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Biotinidase Deficiency


Biotinidase Deficiency

Article Author:
Hira Saleem
Article Editor:
Brittany Simpson
Updated:
8/15/2020 12:42:26 AM
For CME on this topic:
Biotinidase Deficiency CME
PubMed Link:
Biotinidase Deficiency

Introduction

Vitamins are vital components to every individual’s day to day chemical reactions and molecular processes. They are used as cofactors for reactions, antioxidants, hormones, and even for vision. Vitamin deficiencies can be acquired by a lack of adequate environmental supplies or due to abnormal vitamin processing within intracellular pathways. Biotin is an essential vitamin that is obtained through the diet and also efficiently recycled for further use. When this recycling mechanism does not work due to enzyme deficiency, patients experience significant morbidity and mortality. This condition is known as biotinidase deficiency, which is inherited in an autosomal recessive fashion.

Biotin acts as a coenzyme for four carboxylation enzymes in the body: 3-methylcrontonyl-CoA carboxylase (MCC), pyruvate carboxylase (PC), acetyl-CoA carboxylase (ACC) and propionyl-CoA carboxylase (PCC). Biotinidase deficiency can be partial(10 to 30% of enzyme activity) or profound(less than 30% of enzyme activity), which has significant impacts on the treatment approach. Partial cases can have little or no symptoms. However, profound cases can lead to coma or death if treatment is not initiated rapidly.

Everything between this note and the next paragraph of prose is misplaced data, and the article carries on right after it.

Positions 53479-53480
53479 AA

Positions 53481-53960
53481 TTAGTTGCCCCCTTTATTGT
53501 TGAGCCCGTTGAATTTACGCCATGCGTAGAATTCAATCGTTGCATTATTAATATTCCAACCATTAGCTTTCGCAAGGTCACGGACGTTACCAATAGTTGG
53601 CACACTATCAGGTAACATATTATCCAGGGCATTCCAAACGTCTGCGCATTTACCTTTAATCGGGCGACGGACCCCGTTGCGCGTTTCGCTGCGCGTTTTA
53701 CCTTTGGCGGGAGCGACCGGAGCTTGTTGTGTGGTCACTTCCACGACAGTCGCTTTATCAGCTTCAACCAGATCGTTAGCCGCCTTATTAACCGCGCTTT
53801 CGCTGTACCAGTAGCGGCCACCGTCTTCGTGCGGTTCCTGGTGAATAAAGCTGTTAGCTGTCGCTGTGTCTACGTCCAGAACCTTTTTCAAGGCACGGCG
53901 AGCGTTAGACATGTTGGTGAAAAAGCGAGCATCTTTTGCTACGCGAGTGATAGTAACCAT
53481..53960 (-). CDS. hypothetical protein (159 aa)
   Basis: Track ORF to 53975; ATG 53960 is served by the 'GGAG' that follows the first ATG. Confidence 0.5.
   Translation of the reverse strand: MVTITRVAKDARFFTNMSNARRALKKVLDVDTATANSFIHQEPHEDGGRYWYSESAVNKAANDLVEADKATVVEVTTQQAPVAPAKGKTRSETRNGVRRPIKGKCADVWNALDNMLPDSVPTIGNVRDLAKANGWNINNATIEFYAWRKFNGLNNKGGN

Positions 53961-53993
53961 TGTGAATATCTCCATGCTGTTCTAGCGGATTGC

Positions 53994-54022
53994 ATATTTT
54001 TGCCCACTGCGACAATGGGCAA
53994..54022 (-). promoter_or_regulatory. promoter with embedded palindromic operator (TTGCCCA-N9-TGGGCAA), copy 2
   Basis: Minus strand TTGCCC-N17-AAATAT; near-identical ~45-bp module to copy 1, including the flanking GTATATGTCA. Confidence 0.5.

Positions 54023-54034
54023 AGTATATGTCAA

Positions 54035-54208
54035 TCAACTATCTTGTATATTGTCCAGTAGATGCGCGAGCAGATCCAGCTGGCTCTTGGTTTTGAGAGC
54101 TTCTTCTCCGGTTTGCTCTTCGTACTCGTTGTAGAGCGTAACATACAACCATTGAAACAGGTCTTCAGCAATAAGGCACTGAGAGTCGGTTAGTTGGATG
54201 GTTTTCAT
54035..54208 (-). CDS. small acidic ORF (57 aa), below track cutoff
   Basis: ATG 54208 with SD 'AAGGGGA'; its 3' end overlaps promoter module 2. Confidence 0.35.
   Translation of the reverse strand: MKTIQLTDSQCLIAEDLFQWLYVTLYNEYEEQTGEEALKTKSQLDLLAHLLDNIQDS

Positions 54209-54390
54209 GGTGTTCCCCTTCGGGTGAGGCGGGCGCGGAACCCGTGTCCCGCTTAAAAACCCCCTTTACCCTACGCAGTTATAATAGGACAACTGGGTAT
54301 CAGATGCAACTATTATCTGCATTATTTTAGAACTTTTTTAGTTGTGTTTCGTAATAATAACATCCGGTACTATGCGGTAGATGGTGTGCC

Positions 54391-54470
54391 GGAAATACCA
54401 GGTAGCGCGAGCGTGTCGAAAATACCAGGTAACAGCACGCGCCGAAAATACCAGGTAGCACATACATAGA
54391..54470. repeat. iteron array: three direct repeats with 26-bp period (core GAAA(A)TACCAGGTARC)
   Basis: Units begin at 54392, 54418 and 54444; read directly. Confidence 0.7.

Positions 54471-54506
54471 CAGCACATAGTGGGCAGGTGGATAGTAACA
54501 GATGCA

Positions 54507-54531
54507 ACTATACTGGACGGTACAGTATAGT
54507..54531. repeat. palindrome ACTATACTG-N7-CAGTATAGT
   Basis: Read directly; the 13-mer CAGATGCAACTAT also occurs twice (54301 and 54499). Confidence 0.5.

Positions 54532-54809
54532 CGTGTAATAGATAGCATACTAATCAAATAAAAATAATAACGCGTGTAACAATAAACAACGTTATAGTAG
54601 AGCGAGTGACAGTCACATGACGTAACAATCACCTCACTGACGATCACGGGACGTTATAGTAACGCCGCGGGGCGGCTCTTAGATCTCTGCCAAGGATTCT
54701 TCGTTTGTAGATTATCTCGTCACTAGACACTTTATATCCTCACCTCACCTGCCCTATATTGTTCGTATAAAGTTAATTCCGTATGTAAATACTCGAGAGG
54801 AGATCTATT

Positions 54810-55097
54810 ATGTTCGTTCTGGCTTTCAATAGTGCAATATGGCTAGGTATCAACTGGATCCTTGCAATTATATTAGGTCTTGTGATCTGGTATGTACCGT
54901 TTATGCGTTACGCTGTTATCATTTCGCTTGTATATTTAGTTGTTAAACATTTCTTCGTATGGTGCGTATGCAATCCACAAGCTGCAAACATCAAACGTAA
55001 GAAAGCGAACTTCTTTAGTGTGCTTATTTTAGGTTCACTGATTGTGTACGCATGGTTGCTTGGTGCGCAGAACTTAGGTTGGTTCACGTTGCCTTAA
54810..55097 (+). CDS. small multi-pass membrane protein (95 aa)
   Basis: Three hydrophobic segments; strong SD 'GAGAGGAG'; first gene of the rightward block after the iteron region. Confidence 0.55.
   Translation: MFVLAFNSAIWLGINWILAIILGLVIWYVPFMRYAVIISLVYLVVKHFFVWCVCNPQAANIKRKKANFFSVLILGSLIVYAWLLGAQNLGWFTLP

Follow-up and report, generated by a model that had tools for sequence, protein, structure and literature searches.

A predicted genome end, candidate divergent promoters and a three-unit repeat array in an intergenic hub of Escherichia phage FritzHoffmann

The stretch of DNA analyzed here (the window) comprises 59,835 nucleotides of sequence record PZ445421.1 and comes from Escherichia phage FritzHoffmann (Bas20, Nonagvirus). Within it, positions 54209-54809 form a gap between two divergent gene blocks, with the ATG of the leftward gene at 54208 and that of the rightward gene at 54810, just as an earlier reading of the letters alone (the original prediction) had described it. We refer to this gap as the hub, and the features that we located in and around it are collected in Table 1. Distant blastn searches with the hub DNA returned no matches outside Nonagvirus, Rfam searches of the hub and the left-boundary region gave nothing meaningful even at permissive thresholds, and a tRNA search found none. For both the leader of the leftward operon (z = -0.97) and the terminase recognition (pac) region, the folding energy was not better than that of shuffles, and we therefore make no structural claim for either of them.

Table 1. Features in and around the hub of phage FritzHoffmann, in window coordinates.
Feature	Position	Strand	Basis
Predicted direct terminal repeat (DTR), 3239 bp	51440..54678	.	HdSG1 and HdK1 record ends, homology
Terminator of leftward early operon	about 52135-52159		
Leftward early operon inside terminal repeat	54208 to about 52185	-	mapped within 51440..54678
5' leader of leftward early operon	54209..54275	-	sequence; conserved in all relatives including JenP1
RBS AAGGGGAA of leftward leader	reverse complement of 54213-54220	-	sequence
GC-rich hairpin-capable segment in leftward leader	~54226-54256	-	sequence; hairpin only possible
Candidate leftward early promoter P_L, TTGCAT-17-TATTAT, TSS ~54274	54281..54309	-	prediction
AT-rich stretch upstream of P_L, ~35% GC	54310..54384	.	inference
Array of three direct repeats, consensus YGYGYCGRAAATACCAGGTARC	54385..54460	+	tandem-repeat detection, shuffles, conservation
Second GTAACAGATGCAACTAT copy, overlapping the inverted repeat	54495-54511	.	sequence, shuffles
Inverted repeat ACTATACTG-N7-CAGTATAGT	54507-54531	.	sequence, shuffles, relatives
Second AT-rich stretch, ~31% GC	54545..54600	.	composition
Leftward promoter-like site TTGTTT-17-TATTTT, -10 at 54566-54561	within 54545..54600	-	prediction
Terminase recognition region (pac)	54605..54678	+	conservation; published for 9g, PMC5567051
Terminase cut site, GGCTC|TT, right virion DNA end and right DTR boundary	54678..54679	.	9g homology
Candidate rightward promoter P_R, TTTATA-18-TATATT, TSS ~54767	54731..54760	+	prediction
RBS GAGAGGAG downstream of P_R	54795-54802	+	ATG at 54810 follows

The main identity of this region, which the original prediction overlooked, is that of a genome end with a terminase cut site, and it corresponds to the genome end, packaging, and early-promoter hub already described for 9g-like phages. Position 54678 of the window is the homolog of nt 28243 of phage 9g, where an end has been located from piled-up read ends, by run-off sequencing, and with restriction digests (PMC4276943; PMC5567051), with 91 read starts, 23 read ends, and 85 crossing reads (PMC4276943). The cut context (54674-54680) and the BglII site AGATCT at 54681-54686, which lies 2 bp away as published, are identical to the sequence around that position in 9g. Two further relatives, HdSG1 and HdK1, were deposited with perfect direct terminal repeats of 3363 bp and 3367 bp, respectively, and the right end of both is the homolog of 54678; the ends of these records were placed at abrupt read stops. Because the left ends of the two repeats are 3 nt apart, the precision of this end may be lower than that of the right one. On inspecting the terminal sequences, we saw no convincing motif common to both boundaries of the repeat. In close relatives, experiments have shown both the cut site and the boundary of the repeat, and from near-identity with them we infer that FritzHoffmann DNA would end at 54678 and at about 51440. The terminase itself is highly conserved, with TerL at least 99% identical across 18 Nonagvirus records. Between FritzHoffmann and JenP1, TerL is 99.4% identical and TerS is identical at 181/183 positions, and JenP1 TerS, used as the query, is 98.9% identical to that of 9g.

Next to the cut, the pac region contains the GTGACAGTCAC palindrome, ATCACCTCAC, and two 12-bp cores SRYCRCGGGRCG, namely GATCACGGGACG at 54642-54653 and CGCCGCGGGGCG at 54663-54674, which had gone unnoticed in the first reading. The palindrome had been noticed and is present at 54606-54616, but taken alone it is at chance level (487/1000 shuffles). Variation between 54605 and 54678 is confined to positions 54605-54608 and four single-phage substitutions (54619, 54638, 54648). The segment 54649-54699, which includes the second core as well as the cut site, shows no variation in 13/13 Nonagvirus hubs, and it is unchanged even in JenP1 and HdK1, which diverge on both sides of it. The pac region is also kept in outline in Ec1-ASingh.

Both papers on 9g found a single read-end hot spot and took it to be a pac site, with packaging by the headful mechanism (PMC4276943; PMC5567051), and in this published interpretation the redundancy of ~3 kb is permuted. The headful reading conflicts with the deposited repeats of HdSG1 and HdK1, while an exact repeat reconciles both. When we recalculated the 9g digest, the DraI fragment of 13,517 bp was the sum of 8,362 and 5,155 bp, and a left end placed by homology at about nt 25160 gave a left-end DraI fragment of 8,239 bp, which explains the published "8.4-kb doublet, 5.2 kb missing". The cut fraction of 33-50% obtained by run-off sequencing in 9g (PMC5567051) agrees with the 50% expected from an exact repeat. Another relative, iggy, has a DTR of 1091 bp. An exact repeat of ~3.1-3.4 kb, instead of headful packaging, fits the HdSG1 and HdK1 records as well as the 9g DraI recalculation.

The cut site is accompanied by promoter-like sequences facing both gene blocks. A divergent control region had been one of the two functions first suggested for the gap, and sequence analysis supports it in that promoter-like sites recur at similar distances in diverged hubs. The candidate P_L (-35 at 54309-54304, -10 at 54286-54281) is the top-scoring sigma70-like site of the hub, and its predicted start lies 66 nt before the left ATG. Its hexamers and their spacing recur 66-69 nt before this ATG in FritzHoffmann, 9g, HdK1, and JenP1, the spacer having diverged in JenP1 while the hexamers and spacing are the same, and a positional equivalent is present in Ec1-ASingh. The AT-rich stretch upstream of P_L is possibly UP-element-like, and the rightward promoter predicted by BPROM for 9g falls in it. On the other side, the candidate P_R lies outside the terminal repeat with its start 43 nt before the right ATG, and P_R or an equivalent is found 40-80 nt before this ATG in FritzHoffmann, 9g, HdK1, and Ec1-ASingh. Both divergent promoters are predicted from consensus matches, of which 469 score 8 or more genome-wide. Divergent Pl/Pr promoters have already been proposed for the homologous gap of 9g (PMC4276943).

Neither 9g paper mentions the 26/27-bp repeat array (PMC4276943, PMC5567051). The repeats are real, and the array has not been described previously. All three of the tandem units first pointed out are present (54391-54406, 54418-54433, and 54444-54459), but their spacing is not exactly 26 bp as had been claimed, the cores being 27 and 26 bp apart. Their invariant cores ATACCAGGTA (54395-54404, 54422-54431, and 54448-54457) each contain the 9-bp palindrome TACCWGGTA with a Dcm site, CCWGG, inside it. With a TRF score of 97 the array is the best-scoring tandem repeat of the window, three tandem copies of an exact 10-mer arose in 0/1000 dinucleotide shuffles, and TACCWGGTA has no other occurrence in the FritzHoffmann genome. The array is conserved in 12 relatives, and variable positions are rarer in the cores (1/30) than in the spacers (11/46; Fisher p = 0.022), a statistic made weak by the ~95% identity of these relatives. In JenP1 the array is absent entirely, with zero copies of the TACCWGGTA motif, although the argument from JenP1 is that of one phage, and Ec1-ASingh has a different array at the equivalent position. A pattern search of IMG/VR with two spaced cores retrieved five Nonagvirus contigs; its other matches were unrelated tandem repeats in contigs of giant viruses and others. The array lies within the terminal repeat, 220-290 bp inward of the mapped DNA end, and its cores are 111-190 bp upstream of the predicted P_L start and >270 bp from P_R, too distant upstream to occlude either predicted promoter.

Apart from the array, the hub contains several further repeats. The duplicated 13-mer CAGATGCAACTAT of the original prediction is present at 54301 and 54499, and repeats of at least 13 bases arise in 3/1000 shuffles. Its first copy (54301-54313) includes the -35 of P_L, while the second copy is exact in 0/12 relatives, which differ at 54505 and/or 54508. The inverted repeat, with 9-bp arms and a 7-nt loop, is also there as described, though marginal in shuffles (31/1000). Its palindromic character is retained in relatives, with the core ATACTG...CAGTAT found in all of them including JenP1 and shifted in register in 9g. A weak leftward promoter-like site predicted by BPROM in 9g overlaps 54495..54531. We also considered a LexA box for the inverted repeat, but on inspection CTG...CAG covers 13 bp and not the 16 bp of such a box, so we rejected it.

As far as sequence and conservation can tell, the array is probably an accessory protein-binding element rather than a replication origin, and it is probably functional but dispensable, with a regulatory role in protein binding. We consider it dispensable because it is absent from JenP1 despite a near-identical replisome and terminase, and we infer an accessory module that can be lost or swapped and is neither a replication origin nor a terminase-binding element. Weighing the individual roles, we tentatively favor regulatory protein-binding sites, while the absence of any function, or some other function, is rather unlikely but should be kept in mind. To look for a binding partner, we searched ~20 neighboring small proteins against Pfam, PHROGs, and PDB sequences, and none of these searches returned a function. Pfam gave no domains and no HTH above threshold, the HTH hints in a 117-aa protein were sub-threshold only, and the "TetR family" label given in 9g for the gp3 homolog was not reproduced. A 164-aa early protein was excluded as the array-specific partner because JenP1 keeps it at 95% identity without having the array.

Treatment is very straightforward as patients need consistent and high doses of biotin administered. This simple treatment can reverse many symptoms of the disease if initiated promptly. Therefore, early diagnosis and treatment can prevent developmental delay, disability, and improve quality of life.[1][2][3] This fact is a key reason that this disorder is part of many newborn screenings.

Etiology

Biotinidase deficiency is inherited via an autosomal recessive pattern via two pathogenic variants in the BTD gene, located at chromosome 3p25.1.[1] BTD encodes for the biotinidase protein and enzyme, which recycles biotin, allowing the cofactor to become available to carboxylases.[4] Biotinidase converts biocytin into free biotin by removing a lysine group, thereby replenishing the biotin pool for further reactions. In the deficiency of biotin, carboxylase enzymes (MCC, ACC, PCC, PC) cannot properly catalyze reactions, leading to the accumulation of substrates, which causes significant toxicity and disease signs and symptoms.

Epidemiology